Es­caped fish put old species at risk

Hy­brid stur­geon re­leased along with the flood­wa­ter

China Daily (USA) - - CHINA - By ZHENG CAIXIONG in Guangzhou and ZHOU LIHUA in­Wuhan Con­tact the writ­ers at zheng­caix­iong@ chi­nadaily.com.cn

Ex­perts are con­duct­ing a field in­ves­ti­ga­tion to as­sess flood dam­age to the ecosys­tem of the mid­dle and lower reaches of the China’s longest river— theYangtze— af­ter nearly 10,000 tons of for­eign and hy­brid stur­geon washed out of a breed­ing fa­cil­ity in heavy wa­ter flows.

Sci­en­tists worry that the hy­brid and for­eign species may now in­ter­breed with en­dan­gered pure­bred Chi­nese wild stur­geon in the river, whose num­bers have de­clined to dan­ger­ously low lev­els. Only 100 are thought to re­main in the Yangtze.

Wei Qi­wei of the Chi­nese Academy of Fishery Sciences, one of the in­ves­ti­ga­tors, said pure­bred Chi­nese stur­geon could face a height­ened threat of ex­tinc­tion as a re­sult of in­ter­breed­ing with the for­eign and hy­brid species over the com­ing months.

“Too many for­eign and hy­brid stur­geon that were once raised along the mid­dle and lower reaches of Yangtze River and its branches have es­caped to the wild af­ter flood­wa­ter dis­charges in July,” said Wei, who also serves as di­rec­tor of fresh­wa­ter bio­di­ver­sity con­ser­va­tion in the Yangtze River Fishery Su­per­vi­sion and Man­age­ment Of­fice of the Min­istry of Agri­cul­ture. “The pure­bred Chi­nese stur­geon is now fac­ing a se­ri­ous threat.”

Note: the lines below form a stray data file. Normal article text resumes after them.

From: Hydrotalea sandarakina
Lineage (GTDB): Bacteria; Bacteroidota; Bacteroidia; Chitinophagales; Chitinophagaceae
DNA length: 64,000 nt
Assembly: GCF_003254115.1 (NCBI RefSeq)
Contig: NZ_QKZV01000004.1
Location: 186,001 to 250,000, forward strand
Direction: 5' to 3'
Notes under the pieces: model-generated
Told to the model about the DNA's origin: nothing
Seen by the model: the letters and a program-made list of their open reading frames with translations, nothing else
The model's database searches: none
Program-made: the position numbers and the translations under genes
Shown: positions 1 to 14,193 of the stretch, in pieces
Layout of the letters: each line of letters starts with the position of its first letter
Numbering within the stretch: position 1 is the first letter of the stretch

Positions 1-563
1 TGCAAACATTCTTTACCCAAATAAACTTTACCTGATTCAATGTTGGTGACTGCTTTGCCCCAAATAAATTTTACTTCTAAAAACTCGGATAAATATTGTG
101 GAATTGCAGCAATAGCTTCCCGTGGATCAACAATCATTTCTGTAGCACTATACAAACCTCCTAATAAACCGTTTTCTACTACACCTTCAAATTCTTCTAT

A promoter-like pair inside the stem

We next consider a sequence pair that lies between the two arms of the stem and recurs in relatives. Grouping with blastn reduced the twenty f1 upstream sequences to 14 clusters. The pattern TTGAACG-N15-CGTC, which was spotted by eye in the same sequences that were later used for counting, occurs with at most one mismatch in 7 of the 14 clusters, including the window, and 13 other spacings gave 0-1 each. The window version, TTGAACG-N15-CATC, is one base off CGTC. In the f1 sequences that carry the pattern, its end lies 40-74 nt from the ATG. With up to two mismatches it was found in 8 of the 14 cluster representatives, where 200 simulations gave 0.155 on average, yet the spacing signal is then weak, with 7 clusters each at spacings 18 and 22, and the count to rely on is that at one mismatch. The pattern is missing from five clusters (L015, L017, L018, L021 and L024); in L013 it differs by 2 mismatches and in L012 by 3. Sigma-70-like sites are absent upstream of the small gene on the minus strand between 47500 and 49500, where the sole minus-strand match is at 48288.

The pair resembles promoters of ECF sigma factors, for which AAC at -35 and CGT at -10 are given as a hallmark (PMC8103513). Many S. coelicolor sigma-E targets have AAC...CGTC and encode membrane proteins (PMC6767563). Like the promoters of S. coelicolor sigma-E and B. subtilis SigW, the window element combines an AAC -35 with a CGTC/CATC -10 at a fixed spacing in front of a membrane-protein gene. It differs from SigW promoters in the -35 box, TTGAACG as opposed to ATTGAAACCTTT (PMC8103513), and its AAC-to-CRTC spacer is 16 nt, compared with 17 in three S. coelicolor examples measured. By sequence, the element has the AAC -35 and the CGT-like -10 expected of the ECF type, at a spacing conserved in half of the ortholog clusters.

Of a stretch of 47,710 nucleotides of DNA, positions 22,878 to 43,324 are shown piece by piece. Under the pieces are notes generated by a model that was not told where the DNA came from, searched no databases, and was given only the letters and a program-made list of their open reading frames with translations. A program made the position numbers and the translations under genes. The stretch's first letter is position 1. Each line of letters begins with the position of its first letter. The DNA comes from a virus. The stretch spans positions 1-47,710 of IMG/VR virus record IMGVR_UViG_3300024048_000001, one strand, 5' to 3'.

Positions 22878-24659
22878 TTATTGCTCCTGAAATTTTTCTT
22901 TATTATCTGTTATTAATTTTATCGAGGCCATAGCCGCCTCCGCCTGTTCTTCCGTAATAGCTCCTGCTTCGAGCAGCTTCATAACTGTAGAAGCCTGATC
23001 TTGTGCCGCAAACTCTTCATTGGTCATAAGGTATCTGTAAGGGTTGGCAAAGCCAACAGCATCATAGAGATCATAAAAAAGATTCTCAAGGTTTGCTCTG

Pure­bred Chi­nese stur­geon date to 140 mil­lion years ago. But they are now on the ra­zor’s edge of sur­vival. The pop­u­la­tion of adult pure­bred Chi­nese stur­geons was es­ti­mated at about 100 at the end of last year, com­pared with 10,000 in the 1970s, ac­cord­ing to a pro­tec­tion plan for the fish re­leased by the State Forestry Ad­min­is­tra­tion.

To pro­tect the an­cient species,fish­ing­was­bannedasearly as 1983, and a down­stream con­ser­va­tion areawas­built.

A sur­vey con­ducted by the fishery of­fice es­ti­mated that af­ter a reser­voir opened a sluice to re­lease flood­wa­ter on July 19, more than 9,800 tons of for­eign and hy­brid stur­geon in the Changyang and Yidu re­gions of cen­tral China’sHubei prov­ince were killed or es­caped to the wild in Poyang and Dongt­ing lakes, and to the mid­dle and lower reaches of theYangtze, where wild pure­bred Chi­nese stur­geons are liv­ing.

Flood­wa­ters washed away the net-pen fa­cil­i­ties used to raise the non-na­tive species, caus­ing huge eco­nomic losses.

It was the first time in 18 years that the Ge­heyan Power Sta­tion had dis­charged wa­ter over suc­ces­sive days in re­sponse to heavy rain­fall.

The Wuhan-based Changjiang Wa­ter Re­sources Com­mis­sion of the wa­ter min­istry has also launched and in­ves­ti­ga­tion and is re­view­ing the mat­ter, said Deng Yongy­ong, an of­fi­cial in the com­mis­sion’s pub­lic­ity depart­ment.

Zhang Huiyun, a woman in Baiyanao vil­lage who makes her liv­ing by fish­ing, said all her 14 net-pens were washed away, and more than 1,500 kilo­grams of fish were killed or es­caped, re­sult­ing in heavy eco­nomic losses.

Lo­cal fishery de­part­ments said fish­er­men re­ported catch­ing for­eign and hy­brid stur­geon be­tween July 26 and Aug 2.

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